Jonah’s voyage on the sea leaves our hearts longing for a better intermediary and a better prophet, and those longings find their fulfillment in Christ. …
Jonah’s “death” rescued the sailors; Jesus’ death rescues sinners. Jonah was a prophet who ran from sin and from obeying the Lord; Jesus was/is a prophet (and more) who, although sinless, took sin upon Himself and completely surrendered Himself to the will of the Father, being obedient even to death on the cross (Philippians 2:8). We see all the similarities and differences in the stories of the storms.
And Jonah’s not the only character in the story that points us to Jesus. We see Jesus in the Ninevite king too.
The role of the king in the repentance of the Ninevites is quite remarkable, and his own actions point forward to an even better king, Jesus Christ. The king of Nineveh stepped down from [h]is throne and called his people to repentance, but the King of kings stepped down from a greater throne in heaven to call His people to repent and return to the Lord. The humility of the Ninevite king was merited as he saw his own sin and the sin of those around him in light of God’s infinite holiness, but Jesus humbled Himself even though He was the infinitely holy Son of God in order that we might be saved from our sins. The king of Nineveh bore sackcloth and ashes as he called out to God on behalf of the Ninevites, but Jesus bore our sin and humbled Himself all the way to the point of death. …Joanna Kimbrel, “Repenting Sinners, Relenting God,” Mercy in the Storm: a study on the book of Jonah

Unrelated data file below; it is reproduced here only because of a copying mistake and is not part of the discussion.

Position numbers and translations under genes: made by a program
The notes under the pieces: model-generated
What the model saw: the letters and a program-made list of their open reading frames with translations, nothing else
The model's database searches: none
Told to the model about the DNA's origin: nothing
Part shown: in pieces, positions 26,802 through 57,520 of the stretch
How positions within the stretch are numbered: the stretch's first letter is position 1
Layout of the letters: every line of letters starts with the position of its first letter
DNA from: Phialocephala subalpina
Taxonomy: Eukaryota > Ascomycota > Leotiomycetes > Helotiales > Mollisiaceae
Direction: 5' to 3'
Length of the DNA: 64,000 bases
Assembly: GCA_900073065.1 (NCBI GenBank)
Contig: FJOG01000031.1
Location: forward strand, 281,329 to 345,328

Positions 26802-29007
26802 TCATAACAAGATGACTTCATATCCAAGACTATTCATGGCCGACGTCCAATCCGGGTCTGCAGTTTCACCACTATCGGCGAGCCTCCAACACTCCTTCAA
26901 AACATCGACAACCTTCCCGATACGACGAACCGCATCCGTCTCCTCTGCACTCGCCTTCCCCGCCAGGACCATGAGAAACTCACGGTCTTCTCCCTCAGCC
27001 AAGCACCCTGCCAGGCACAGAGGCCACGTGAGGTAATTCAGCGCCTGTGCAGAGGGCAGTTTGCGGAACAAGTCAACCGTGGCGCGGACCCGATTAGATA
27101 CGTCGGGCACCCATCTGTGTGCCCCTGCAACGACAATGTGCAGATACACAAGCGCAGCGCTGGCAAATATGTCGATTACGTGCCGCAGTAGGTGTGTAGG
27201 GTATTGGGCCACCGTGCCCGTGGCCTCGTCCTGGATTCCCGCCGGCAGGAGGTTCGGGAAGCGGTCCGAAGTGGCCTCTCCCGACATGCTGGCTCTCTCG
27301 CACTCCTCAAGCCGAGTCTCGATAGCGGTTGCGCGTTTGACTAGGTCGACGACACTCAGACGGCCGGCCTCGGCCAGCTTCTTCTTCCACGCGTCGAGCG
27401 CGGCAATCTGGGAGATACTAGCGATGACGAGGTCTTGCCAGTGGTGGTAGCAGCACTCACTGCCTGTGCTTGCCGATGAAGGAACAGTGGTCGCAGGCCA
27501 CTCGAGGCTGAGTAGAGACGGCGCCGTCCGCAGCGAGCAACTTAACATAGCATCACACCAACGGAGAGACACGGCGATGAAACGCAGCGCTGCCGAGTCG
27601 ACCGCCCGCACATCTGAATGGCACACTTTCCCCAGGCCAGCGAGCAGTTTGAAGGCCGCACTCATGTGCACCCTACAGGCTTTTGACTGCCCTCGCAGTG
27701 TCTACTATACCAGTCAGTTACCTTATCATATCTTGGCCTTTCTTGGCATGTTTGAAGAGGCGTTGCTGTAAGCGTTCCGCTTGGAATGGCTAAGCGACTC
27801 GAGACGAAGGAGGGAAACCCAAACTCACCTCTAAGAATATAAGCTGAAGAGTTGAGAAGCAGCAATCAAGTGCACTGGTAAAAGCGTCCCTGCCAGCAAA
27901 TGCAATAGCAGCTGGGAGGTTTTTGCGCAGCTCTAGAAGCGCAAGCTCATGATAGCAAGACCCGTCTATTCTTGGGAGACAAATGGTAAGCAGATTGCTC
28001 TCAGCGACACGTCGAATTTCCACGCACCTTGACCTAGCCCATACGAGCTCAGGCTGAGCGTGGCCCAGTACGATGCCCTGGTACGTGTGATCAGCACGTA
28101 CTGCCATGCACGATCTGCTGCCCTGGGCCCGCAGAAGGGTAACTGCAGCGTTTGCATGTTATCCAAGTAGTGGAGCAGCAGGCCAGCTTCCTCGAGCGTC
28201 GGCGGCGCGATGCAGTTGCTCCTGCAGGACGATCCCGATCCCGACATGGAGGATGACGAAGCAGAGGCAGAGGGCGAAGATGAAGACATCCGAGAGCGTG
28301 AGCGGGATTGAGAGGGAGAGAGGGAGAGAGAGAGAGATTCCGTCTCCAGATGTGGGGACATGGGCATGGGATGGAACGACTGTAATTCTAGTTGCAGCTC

It’s amazing where–in who–you can see Jesus.
In the reluctant prophet whom we tend to look at as an example of what not to do/be.
In the king of Nineveh, a wicked, harsh, pagan Assyrian.
In the heathen ship-captain, speaking the Lord’s message to the one meant to be the messenger.
In so many unexpected, unlikely people.
Something better than Jonah is indeed here [see Matthew 12:38-41]. As we feel the conviction of our own hard hearts reflected in Jonah, may we look to the One whose compassion for us abounds. As we mourn that Jonah, like so many of us, was reluctant to share the grace that he had been given, let us rejoice that Christ is the longed-for prophet who willingly gave Himself to offer us grace. May we not see the book of Jonah as merely a moral lesson that we must follow, but as a vibrant picture of the compassionate heart of God that compels us to extend that same compassion to others, not to earn His grace, but because He has lavished His grace on us. May Jonah point our hearts to Jesus.Joanna Kimbrel, “Something Better Than Jonah,” Mercy in the Storm: a study on the book of Jonah (underlining added)
Previous posts in this series:
Called to Leave (Jonah, Part 1)
Hate and Fear (Jonah, Part 2)
Fleeing the Father (Jonah, Part 3)
Wake Up, Sleeper (Jonah, Part 4)
Punishment and Grace (Jonah, Part 5)
Stereotypes (Jonah, Part 6)
Interrupted (Jonah, Part 7)